Some clarifications from my last post regarding my choices, why they are right for me, and my subject matter. 80% of my pictures are rendered as 8x10 or smaller usually in books of some sort either digital or books I make from prints that I do myself. The other 19% are in prints that are approximately 11x14 in size maybe longer if I do full frame and the last 1% are bigger than that - usually for temporary exhibition purposes where people are not right on top of them. I love the way all of my film performs at 11x14 - even TX and TMZ from 35mm. It looks great. If the image is good the final output is good.
I don't shoot Macro, I don't shoot action from far away, I don't shoot birds, I rarely use a focal length beyond 90mm on 35mm or equivalent on any format. I shoot close - or at "normal distances" of "normal sized things". I can shoot all day every day with a 50 - occasionally a 35mm or maybe a 90. The "action" I care about is only a few feet away at best and based on long long experience shooting moving things with a 35-50 at 3 to 5 feet away AF and rapid frame rates are no better than manual focus and good timing - in many many cases they are actually more effective at getting the shot - the good shot. Don't believe me - put some work into it to the point where you are not totally incompetent at pulling the trigger and focusing and try both.
Autofocus, no matter what situation sucks at close distance where the apparent rate of change across the frame and back and forth are magnified by about 1000 compared to 25 yards away with a tele. I will go further to say they are a distraction of what is really effective - smooth, predictive focus and shoot based on what is about to happen. Heck even if the thing is not moving at all AF is useless at close distance and usually interferes with your compositional thought process.
Film looks good - I think most people forgot how good it looks. Does it look like digital - no. Especially at "100%" actually it looks horrible at things approaching 40x magnification. So the f%#k what - it looks fantastic at normal size. The color and gradation are incomparable within it's "region of fit". Just like my Zeiss lenses look fantastic even if their "specs" are a joke compared to a Nikon 24 PC. They have a rendering that is fantastic. This is what I care about overall. I really do not care what the underlying medium looks like at the ultimate magnification. Digital once "noise" is removed and zoomed in to actual capture pixels looks like … well… nothing. Why? Because it is nothing there is no medium to speak of. Now make something physical out of it - like a print on a typical piece of "satin" photo paper on inkjet and take a look at that under a high magnification - it looks absolutely awful - so what. The point is to judge the print and output you actually make on it's own merits not at artificial arbitrary "tests".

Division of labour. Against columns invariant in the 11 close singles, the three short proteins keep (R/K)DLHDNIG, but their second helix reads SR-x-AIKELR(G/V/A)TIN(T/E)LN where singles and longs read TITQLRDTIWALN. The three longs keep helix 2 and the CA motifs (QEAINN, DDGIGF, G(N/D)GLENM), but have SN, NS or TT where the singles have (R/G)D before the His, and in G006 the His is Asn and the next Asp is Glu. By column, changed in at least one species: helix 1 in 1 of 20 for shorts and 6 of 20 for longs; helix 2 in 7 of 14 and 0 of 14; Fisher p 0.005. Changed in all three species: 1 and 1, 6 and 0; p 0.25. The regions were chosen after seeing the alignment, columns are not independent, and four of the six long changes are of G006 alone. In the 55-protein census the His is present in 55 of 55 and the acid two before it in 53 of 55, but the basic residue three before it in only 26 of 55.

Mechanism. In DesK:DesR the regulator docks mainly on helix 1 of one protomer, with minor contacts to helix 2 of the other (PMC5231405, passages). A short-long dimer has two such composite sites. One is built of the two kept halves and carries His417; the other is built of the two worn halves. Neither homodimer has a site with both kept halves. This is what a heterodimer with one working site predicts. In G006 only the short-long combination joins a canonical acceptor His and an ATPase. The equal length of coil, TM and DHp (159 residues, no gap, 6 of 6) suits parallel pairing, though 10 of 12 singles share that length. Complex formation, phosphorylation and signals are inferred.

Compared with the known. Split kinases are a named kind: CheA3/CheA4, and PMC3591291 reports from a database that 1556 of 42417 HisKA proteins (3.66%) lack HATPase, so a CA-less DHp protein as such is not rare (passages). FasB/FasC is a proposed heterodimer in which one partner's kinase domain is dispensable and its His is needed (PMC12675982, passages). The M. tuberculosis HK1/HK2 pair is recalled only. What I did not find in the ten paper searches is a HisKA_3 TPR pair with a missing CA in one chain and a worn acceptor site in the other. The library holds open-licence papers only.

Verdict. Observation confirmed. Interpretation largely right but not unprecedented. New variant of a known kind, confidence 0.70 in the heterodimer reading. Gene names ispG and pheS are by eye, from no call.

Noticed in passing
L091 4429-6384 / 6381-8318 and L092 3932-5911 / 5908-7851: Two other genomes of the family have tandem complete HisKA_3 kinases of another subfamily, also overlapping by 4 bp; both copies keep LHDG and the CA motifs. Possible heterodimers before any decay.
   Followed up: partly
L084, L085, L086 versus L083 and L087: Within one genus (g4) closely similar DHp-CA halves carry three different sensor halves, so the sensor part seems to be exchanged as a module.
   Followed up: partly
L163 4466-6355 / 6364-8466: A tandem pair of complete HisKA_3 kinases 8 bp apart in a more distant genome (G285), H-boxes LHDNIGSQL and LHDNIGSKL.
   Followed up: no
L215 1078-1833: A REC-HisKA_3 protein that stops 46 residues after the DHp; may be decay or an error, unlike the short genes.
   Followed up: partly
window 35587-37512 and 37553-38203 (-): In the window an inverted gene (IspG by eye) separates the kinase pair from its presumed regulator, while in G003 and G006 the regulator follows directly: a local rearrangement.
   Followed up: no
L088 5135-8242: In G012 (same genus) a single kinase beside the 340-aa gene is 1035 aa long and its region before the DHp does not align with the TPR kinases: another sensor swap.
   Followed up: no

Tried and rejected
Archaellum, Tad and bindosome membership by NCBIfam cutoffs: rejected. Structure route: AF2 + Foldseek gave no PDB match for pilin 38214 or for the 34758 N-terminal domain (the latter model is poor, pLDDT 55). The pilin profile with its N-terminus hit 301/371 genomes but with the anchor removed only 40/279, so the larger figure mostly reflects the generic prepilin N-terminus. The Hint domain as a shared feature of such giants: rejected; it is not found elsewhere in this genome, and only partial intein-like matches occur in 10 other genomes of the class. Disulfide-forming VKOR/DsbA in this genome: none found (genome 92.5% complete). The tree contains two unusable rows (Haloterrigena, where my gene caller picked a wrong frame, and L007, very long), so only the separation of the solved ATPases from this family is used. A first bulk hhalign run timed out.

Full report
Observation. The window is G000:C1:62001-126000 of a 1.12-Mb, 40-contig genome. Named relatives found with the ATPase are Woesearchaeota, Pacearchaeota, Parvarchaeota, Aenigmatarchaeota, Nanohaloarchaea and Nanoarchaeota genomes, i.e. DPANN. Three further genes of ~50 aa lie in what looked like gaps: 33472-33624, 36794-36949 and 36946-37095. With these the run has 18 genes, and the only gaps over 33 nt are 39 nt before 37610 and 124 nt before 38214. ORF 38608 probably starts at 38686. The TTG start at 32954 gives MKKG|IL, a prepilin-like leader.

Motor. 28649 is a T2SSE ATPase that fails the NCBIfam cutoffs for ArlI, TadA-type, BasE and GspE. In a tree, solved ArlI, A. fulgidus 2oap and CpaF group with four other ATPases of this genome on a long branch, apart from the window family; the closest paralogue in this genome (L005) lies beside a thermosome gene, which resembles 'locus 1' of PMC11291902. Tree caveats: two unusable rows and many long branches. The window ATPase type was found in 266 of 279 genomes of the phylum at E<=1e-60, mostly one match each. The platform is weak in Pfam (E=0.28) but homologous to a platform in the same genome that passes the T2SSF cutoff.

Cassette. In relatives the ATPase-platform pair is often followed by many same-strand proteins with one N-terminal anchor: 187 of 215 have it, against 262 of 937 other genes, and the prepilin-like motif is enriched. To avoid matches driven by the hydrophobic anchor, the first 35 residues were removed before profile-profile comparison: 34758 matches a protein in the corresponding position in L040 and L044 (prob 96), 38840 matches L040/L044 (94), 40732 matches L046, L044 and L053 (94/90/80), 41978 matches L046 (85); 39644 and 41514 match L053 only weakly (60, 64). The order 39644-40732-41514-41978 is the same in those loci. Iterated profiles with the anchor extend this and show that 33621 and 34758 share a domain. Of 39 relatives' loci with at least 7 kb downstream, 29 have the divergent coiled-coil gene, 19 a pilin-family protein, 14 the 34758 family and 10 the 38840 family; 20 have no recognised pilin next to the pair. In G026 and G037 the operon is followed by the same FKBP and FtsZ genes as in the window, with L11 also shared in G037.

That is what is important to me. If other things are important to you make your own call.
There is one thing that has me worried - color film. I am a color nut when I choose to do color. I don't mean nutty wild color - I mean I want a certain look with very very subtle gradation and certain colors rendered certain ways. If I don't get it, it's trash. So I do worry about buying bulk color film stock and having it processed in a variety of labs so I am going to do a test, well maybe I will. Something I have never done before to see if worst case color is still okay. I am going to shoot a roll of 8 year old Kodak Portra 160VC, stored in suboptimal conditions, and processed at the closest drug store. Yep worst case, and see what happens. I will let you know how it goes.